No Liberals in the Debt Ceiling Debate?
Tuesday's lead story on the debt ceiling showdown by Carl Hulse and Jackie Calmes, 'Congress Heads For Showdown On Debt Plans – Neither Side Budging – Obama Calls for Action – No Blank Check, Boehner Insists,' is most objectionable for its labeling bias, five conservatives vs. zero liberals.
The labels come hot and heavy in the second half of the story.
In addition, members of the Senate and House would also be required to vote on a balanced-budget amendment to the Constitution after Oct. 1 but before the end of the year - a key demand from many House conservatives.
With House Democrats likely to line up solidly against Mr. Boehner's plan, the Republican leadership was pleading for support among the conservative rank and file, portraying it as the best alternative to end the impasse, even though it might fall short of the deep cuts many of the Republican newcomers want.
Some of the most conservative Republican House members, including Representative Allen West of Florida, endorsed it after the leadership made its case in an afternoon meeting. But others were balking, putting the plan's success at risk should the Republican leadership be forced to rely solely on Republican votes. By day's end, several Republicans - including Representative Jim Jordan of Ohio, the head of the conservative Republican Study Committee - said Mr. Boehner did not have their vote.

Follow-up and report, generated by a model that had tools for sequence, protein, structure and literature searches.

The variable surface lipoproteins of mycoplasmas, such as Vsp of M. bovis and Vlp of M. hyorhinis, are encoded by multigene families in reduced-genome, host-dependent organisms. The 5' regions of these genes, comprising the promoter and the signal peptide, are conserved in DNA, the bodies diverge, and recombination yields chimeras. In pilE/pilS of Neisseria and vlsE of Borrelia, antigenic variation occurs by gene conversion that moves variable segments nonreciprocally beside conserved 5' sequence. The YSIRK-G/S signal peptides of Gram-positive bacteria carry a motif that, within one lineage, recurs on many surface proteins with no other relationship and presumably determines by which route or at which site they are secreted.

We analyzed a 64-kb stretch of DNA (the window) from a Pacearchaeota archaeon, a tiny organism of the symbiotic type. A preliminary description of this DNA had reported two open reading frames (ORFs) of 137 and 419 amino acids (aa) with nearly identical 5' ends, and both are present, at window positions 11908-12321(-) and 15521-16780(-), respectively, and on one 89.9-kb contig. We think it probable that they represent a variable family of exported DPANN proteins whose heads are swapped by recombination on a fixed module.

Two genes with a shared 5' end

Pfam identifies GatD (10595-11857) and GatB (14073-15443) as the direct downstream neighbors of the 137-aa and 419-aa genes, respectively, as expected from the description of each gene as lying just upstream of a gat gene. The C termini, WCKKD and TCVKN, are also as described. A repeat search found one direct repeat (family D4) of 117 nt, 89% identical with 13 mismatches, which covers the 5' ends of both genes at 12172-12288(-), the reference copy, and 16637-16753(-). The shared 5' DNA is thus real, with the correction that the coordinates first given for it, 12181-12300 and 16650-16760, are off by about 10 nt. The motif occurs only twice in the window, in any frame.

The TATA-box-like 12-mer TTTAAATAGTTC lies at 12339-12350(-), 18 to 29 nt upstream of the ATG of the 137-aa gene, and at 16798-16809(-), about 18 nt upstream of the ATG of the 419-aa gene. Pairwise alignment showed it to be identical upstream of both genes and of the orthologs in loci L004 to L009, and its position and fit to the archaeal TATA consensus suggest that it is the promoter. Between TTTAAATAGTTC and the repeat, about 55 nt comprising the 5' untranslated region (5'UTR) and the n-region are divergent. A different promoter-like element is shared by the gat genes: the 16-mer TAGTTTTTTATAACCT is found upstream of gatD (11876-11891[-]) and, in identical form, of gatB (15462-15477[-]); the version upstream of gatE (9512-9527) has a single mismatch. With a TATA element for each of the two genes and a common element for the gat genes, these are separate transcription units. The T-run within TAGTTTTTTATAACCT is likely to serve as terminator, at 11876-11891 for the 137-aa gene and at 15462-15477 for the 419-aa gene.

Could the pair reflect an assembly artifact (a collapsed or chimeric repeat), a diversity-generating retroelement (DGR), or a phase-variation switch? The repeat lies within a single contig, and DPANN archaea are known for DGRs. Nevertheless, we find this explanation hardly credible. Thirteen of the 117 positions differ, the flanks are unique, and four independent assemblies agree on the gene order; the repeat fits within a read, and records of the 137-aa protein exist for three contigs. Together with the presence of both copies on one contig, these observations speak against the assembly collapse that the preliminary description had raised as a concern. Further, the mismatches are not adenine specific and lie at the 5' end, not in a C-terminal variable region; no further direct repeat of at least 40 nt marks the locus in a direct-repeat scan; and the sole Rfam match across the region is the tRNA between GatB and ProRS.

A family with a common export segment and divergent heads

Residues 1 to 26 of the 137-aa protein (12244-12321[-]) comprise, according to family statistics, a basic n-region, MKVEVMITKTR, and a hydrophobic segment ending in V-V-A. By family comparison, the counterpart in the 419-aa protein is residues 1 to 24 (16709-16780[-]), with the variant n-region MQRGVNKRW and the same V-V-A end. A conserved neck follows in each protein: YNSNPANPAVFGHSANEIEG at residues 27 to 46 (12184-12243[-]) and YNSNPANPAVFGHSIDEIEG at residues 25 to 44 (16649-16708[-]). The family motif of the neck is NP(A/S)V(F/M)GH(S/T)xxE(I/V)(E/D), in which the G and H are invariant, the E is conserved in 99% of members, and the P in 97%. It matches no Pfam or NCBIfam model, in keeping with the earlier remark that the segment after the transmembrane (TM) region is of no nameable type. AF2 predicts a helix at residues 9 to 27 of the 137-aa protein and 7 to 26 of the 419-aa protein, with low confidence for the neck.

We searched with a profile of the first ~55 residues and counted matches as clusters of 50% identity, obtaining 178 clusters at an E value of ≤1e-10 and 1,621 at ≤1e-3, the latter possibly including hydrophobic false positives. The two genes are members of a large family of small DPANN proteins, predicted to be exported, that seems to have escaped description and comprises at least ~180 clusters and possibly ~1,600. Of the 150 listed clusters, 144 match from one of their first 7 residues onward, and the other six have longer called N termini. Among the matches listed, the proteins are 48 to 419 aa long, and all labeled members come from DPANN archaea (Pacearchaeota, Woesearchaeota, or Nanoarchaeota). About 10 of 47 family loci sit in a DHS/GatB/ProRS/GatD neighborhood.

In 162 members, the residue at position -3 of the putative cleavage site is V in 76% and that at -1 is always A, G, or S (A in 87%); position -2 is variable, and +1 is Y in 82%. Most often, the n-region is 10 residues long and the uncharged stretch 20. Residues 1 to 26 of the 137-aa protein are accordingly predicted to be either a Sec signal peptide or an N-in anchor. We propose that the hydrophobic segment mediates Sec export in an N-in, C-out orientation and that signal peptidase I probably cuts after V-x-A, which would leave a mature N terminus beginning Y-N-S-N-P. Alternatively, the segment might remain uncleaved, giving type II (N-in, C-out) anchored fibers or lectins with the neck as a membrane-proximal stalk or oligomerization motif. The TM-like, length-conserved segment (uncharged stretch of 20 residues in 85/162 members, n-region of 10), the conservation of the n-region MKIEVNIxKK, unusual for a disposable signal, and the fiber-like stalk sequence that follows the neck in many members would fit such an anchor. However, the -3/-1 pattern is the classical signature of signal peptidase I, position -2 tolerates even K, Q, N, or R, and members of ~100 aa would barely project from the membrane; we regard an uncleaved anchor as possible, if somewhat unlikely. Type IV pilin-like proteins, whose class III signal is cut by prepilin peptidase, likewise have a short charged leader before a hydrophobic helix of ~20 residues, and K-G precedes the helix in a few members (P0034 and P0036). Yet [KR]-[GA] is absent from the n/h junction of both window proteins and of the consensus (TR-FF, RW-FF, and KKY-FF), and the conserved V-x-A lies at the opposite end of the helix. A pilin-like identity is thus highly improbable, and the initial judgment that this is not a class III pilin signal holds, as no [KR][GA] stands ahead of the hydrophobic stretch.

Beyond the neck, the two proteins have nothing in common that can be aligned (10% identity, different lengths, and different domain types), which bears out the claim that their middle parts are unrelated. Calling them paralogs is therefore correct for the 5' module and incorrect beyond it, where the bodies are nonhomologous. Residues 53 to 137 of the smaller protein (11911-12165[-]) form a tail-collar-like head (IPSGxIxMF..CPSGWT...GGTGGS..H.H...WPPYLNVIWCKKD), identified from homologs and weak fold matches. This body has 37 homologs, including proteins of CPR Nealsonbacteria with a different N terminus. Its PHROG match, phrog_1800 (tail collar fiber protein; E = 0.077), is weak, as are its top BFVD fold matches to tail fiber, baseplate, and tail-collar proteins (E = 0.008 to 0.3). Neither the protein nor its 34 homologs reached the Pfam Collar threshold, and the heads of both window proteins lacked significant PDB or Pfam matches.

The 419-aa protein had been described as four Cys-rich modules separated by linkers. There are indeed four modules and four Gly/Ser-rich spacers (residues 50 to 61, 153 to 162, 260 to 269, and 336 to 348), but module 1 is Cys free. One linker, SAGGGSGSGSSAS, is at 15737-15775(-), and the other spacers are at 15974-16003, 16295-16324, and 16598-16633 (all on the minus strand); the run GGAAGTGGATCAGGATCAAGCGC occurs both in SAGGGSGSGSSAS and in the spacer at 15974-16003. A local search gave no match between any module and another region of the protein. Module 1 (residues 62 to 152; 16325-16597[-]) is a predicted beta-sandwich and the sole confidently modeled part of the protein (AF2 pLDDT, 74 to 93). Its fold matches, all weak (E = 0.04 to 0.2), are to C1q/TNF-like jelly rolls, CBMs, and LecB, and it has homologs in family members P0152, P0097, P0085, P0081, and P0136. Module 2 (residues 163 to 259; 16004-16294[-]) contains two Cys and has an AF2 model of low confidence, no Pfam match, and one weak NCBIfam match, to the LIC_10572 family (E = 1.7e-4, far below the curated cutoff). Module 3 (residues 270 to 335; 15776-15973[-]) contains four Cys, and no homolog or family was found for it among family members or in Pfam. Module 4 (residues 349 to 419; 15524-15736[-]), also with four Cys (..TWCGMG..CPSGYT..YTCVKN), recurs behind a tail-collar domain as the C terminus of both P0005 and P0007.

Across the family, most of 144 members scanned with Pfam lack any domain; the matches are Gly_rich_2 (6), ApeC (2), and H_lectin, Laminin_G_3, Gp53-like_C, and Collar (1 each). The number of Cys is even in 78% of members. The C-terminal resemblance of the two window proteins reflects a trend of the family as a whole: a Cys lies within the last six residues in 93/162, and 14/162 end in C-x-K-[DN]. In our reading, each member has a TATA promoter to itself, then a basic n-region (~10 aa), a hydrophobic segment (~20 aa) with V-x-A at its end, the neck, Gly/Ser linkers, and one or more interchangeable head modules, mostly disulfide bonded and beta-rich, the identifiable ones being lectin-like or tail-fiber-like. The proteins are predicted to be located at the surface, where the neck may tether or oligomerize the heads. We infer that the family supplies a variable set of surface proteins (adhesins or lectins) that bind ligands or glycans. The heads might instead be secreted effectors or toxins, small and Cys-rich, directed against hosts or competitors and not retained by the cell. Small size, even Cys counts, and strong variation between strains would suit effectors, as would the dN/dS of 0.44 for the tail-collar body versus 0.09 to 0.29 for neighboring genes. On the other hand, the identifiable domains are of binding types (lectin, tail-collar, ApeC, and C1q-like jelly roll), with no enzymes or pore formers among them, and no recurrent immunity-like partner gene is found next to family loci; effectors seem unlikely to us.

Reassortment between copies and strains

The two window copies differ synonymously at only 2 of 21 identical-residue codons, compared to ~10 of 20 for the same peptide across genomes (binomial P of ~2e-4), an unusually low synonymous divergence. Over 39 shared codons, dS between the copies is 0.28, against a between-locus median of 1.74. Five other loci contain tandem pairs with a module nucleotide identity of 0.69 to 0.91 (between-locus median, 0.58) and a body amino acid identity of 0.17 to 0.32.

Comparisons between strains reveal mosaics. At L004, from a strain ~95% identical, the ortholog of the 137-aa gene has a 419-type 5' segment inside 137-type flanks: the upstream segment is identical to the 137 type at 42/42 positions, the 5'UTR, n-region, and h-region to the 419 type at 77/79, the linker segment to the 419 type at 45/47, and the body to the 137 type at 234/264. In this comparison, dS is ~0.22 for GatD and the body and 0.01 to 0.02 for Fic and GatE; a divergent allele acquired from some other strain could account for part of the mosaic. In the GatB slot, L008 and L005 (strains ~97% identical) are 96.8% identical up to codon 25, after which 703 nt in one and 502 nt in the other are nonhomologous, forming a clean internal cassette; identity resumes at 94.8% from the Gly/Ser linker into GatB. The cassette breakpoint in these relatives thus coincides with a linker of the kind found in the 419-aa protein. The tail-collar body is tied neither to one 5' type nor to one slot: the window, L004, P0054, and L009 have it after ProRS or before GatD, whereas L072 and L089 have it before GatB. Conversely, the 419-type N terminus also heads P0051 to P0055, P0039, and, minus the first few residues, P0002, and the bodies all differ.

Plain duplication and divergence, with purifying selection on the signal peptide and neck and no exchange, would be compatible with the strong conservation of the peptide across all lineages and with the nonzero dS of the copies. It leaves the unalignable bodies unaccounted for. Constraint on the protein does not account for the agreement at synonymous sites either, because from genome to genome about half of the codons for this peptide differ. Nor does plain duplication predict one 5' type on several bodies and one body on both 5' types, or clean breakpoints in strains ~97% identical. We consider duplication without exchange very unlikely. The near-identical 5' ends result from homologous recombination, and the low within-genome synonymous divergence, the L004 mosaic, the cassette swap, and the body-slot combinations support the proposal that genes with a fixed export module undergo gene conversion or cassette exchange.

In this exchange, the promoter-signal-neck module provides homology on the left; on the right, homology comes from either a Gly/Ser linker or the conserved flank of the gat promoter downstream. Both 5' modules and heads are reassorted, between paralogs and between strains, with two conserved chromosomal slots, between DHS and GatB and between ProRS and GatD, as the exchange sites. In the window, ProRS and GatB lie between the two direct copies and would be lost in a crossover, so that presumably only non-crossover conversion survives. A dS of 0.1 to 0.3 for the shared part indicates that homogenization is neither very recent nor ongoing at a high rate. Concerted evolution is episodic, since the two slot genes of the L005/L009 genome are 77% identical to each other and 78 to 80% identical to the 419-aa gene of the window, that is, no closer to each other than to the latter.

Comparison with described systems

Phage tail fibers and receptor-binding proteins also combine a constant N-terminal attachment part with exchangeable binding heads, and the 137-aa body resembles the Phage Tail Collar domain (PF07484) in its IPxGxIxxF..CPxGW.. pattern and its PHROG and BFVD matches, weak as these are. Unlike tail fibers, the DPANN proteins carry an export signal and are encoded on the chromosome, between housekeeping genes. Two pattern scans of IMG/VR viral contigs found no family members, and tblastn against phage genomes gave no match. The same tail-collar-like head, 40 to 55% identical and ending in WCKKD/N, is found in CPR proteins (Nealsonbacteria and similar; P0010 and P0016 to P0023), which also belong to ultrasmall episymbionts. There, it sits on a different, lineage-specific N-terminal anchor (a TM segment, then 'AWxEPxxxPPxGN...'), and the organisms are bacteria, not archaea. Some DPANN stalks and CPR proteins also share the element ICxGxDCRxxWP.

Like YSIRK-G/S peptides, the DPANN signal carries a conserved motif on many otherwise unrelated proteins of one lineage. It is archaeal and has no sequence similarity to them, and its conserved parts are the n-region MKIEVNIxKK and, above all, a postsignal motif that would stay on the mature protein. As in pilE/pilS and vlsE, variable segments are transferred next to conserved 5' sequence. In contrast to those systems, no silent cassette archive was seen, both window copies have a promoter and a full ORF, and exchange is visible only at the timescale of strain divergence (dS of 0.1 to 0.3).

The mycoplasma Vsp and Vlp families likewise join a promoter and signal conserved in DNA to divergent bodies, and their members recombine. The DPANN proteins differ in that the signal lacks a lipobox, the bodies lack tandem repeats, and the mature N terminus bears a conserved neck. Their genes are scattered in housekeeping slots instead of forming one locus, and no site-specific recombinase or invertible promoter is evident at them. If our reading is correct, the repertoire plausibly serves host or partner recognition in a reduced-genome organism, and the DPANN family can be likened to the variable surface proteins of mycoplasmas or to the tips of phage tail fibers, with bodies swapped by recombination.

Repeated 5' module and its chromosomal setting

'I can't support it in its current form,' said Representative Trey Gowdy of South Carolina, citing insufficient cuts and 'the dearth of confidence I have in a 12-member commission being able to do what Congress hasn't been able to do.'
At least two Senate conservatives also came out against the House plan, showing that it would face some resistance there from both parties.
In contrast, neither Obama or congressional Democrats were portrayed as liberal a single time.